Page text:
By Mary Sapp
Lakeport’s Fall Workday. Over 20 residents turned out on “I Love Lakeport Day” to haul a dozen dead trees cut down by Rich Shelton and Tod Vollrath plus other brush in Lakeport’s natural areas to a pile on Lakespray so Blade Runners could haul it away. In addition, the bushes next to 11110 Lakespray were trimmed in preparation for the storm-water mitigation project described below, and ferns were transplanted from between the RA path to the pool and Sunrise Valley Drive. As a result, Lakeport’s natural areas now look much better. New landscaping near the Safeway sidewalk.
During the past year almost all the bushes planted a couple of years ago at the south end of the area between Lakeport Way and the RA path that leads to South Lakes Village had died (including some replacement plants installed last spring). After considering several options, the decision was made to switch to something that wouldn’t have to be replaced in the future or need much maintenance or watering once it was established. Five large landscape boulders were installed by Meadows Farms, and almost 500 liriope spicata (which are evergreen, flowering, and most importantly “indestructible”) were planted by volunteers, which saved half the cost of the project. The three remaining live bushes were transplanted into the north section of the median to replace dead bushes there. Please avoid walking on this new liriope and instead use the RA path or the steppers.Trees.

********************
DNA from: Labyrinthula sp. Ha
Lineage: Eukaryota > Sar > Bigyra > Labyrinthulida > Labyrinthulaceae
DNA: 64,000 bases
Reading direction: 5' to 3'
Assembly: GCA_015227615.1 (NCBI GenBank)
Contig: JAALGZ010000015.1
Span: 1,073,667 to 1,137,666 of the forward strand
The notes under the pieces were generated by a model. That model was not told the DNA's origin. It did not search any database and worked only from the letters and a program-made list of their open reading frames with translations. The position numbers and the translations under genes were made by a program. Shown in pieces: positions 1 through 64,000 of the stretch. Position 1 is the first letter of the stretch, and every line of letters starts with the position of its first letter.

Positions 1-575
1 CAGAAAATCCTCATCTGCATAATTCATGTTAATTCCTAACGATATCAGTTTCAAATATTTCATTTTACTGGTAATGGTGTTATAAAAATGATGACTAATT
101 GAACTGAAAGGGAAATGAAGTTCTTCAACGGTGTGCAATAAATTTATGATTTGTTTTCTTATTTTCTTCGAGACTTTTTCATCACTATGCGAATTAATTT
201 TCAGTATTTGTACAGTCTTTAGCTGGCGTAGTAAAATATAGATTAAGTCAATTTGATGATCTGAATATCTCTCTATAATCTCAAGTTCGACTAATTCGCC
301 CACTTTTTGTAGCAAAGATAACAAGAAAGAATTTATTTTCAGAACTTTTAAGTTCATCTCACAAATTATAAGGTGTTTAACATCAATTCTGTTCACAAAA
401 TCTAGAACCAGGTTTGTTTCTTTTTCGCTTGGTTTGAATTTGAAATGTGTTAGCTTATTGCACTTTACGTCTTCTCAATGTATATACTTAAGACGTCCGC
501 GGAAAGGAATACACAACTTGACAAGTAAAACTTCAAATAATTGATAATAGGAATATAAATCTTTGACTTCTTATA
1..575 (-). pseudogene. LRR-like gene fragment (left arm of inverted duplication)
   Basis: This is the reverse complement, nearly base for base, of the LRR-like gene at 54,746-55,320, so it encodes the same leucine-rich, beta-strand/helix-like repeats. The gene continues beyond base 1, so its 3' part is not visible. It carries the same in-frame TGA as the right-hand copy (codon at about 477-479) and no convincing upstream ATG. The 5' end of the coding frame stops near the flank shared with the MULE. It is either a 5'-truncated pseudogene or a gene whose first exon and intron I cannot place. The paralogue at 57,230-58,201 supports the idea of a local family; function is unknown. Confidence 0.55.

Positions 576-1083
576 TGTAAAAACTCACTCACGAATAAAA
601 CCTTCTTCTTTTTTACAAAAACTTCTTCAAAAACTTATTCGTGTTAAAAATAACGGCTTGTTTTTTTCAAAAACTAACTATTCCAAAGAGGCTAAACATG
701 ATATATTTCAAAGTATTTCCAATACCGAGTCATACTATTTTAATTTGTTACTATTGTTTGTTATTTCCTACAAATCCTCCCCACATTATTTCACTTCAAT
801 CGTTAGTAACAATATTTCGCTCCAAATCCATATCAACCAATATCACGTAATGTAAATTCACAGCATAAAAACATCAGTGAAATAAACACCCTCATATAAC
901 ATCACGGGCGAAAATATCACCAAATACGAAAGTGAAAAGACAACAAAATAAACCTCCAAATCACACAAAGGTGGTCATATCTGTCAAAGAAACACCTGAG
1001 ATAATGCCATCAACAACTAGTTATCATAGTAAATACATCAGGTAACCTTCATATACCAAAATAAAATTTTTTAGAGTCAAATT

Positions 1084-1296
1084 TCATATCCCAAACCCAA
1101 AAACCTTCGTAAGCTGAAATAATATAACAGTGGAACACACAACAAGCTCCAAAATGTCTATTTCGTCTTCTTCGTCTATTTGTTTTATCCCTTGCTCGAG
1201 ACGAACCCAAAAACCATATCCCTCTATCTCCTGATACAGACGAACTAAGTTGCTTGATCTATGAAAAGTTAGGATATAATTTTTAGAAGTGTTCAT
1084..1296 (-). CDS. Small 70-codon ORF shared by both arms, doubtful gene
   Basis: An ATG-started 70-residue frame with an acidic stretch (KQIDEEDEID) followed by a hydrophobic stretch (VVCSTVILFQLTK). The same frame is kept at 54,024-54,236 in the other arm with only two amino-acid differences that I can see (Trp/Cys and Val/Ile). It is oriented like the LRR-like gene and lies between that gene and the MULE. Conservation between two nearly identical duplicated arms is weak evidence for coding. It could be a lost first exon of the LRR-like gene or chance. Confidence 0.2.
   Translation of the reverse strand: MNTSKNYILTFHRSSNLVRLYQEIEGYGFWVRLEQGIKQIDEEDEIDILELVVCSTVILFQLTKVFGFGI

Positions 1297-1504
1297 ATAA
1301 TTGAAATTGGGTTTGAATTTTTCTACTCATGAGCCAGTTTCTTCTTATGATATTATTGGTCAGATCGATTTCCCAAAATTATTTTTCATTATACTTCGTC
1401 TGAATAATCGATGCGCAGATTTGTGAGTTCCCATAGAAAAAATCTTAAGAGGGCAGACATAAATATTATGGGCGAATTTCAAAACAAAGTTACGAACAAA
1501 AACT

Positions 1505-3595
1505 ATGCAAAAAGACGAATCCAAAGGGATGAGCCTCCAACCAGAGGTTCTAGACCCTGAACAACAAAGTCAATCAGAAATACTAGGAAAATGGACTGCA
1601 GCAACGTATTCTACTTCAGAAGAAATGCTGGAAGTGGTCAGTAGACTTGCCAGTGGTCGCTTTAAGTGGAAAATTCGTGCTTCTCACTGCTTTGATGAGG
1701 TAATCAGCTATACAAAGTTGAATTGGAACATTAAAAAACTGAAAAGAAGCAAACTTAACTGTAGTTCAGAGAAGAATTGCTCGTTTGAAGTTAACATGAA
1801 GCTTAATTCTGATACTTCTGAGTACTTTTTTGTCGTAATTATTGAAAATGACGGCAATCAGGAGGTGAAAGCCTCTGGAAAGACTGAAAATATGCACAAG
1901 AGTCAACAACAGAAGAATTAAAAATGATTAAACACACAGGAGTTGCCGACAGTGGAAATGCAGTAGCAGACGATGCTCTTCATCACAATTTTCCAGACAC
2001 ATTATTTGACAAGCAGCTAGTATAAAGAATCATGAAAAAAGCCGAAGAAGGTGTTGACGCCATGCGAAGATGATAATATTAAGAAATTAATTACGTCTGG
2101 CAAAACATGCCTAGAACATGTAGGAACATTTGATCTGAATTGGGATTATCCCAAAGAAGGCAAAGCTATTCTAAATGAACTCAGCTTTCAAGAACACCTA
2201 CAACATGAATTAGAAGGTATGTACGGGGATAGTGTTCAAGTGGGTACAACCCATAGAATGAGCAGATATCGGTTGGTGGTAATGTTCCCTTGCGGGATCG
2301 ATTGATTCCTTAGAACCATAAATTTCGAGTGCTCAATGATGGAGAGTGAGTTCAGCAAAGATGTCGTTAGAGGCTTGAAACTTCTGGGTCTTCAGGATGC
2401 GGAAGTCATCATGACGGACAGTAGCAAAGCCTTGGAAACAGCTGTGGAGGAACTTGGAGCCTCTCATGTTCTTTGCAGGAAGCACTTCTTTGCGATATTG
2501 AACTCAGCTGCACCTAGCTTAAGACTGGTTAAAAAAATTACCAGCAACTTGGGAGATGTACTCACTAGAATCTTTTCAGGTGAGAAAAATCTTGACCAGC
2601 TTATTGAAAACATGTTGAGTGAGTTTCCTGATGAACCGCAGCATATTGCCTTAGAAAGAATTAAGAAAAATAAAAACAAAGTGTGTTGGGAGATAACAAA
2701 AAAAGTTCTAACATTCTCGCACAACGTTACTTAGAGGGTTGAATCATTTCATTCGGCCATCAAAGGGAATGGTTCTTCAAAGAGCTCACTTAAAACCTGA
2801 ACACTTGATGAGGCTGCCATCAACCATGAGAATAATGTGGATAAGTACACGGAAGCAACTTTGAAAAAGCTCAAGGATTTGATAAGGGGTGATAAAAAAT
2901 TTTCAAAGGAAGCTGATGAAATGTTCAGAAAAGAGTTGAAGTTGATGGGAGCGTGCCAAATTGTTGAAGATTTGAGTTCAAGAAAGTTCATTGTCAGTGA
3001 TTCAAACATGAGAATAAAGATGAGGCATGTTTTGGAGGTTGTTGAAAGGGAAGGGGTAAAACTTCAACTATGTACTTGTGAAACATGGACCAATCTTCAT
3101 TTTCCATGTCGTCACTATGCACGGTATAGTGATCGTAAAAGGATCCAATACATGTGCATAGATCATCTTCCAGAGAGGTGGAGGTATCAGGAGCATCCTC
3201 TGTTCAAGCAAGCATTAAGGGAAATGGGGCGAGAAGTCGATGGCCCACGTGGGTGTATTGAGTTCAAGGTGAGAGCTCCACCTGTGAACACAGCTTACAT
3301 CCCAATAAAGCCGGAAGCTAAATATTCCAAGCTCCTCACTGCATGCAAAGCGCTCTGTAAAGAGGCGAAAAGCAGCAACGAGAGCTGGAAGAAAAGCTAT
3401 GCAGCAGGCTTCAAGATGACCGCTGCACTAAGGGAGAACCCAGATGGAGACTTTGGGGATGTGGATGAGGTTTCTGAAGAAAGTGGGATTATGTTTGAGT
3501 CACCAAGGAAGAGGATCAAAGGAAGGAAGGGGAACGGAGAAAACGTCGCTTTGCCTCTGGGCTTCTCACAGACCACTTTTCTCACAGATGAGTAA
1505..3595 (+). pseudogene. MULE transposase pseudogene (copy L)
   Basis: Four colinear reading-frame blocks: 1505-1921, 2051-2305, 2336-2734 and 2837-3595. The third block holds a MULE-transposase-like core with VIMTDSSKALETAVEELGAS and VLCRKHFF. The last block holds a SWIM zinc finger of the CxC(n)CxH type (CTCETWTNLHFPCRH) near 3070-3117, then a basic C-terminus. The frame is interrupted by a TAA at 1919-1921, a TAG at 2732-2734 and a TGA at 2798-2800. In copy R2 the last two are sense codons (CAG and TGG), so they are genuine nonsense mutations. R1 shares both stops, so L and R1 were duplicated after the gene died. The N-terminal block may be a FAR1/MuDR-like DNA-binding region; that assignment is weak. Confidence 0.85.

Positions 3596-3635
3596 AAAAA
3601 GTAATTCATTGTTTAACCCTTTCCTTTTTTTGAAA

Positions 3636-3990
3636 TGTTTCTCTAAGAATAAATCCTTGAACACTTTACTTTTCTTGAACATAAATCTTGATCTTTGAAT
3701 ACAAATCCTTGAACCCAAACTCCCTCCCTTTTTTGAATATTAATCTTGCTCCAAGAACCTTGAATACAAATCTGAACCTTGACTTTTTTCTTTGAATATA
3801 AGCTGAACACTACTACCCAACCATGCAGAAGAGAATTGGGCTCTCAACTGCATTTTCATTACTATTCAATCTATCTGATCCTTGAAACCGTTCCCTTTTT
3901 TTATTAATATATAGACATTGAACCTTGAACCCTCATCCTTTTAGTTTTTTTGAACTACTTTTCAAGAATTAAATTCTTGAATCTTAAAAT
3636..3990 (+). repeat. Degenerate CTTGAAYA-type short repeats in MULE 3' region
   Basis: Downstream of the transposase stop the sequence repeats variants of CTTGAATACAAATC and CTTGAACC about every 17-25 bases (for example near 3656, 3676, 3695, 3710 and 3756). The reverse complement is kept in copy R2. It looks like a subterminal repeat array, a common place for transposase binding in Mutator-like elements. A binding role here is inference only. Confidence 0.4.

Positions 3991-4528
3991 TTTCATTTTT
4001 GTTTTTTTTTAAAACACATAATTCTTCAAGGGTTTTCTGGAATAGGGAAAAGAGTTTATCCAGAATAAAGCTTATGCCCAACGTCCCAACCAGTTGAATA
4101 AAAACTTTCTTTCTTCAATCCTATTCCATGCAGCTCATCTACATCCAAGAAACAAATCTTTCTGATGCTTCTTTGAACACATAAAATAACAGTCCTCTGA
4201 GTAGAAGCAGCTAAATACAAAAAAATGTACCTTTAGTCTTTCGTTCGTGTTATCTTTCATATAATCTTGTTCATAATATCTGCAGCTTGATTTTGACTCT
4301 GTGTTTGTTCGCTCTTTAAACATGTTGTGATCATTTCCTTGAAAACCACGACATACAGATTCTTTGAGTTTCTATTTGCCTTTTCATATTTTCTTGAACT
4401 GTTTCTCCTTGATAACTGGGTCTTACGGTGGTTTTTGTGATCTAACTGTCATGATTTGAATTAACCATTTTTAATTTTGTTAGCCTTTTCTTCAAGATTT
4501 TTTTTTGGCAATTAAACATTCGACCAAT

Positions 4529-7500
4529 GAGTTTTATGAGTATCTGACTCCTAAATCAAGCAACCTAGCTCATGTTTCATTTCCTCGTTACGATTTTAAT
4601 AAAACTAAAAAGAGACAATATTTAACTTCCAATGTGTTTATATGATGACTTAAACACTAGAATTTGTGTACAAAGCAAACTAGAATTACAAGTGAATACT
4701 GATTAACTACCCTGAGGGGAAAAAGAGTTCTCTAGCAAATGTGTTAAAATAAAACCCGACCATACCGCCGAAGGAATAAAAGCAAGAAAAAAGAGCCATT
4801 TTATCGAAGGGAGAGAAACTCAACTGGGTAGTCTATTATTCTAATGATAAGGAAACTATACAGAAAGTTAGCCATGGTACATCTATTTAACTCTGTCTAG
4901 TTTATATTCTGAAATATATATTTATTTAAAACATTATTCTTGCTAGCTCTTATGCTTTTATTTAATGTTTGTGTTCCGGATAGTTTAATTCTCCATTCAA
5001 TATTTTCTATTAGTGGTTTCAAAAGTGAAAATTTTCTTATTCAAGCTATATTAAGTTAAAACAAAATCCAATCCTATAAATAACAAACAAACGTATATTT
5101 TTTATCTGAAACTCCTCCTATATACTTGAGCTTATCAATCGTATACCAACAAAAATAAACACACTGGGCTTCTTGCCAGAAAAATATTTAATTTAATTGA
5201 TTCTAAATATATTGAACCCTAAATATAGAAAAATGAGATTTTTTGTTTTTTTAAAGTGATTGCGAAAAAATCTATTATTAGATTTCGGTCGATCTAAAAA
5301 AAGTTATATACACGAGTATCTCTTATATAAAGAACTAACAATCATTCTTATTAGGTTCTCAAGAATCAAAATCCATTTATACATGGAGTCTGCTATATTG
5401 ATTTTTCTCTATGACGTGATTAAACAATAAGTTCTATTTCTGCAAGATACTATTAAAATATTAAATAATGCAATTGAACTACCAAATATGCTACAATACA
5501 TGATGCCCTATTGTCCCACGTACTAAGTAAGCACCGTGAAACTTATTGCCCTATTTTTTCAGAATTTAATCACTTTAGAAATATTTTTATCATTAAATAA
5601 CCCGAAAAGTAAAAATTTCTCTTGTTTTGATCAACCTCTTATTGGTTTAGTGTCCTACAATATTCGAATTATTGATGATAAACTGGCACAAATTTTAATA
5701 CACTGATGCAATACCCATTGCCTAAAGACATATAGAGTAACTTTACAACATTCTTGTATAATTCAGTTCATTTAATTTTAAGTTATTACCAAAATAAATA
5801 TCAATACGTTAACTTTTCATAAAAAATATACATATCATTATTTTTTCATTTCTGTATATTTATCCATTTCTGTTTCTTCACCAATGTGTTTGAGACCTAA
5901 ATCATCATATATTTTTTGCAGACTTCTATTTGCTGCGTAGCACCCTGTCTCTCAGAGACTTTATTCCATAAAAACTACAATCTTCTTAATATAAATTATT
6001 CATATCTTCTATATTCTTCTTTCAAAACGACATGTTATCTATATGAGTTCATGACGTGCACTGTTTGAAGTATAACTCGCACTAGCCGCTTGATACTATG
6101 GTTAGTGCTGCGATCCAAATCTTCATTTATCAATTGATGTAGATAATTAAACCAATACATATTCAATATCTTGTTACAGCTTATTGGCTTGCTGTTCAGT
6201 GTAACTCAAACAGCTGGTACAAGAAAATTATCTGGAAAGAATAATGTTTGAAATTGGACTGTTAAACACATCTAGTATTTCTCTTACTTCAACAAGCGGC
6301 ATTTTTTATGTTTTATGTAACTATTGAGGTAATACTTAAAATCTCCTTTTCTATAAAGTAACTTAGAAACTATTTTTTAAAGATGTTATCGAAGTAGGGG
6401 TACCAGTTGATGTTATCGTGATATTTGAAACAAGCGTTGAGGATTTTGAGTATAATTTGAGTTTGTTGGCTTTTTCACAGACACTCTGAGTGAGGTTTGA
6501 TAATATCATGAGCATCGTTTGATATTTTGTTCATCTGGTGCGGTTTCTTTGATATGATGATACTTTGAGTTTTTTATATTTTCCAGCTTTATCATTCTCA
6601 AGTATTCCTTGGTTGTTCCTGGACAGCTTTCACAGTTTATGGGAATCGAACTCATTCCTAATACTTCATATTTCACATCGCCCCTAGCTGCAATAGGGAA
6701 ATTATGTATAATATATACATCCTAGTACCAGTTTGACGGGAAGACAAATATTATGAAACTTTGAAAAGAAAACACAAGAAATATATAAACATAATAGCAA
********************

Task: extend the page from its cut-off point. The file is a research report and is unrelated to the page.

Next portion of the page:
Meadows Farms installed an emerald green arborvitae across from 1999 as a replacement for the huge willow oak that was removed earlier this year and that had grown too large for the enclosed area where it had been planted. They also planted a rhododendron next to the turn-around on Lakespray as well as a red maple, American holly, and witch hazel between back fences of Lakeport and Lakespray homes. The latter are part of the Landscape Committee’s effort to replace trees that have been dying in these areas. Still to be done are the removal of a large red oak behind 11108 Lakespray that was deemed a hazard due to decline and a dying spruce behind 11120 Lakespray, and their replacement by an American hornbeam and a green giant arborvitae, respectively.
In addition, volunteers planted free seedlings from https://fairfaxreleaf.org/ as replacements for three trees in the wooded areas next to Lakespray and seedlings for six more trees and nine shrubs between fences behind Lakeport and Lakespray. As the photo to the right shows, these seedlings are very small and hard to see, especially amid the leaves, but they’ve been marked with yellow or pink ribbons. Please look carefully if you walk in one of these two areas and avoid damaging them.Stormwater mitigation.
A new stormwater damage project was installed this fall consisting of two biologs donated by Reston Association (as they did with biologs used to retain the shoreline to the right of the dock). Native plants were put in behind the biologs to trap water running down the hill, and two catch basins were installed uphill from the biologs to redirect uphill water that had been eroding both common and private property. Lakeport received a Conservation Assistance Program grant from the Northern Virginia Soil & Water Conservation District that paid for 80% of the cost of this project.
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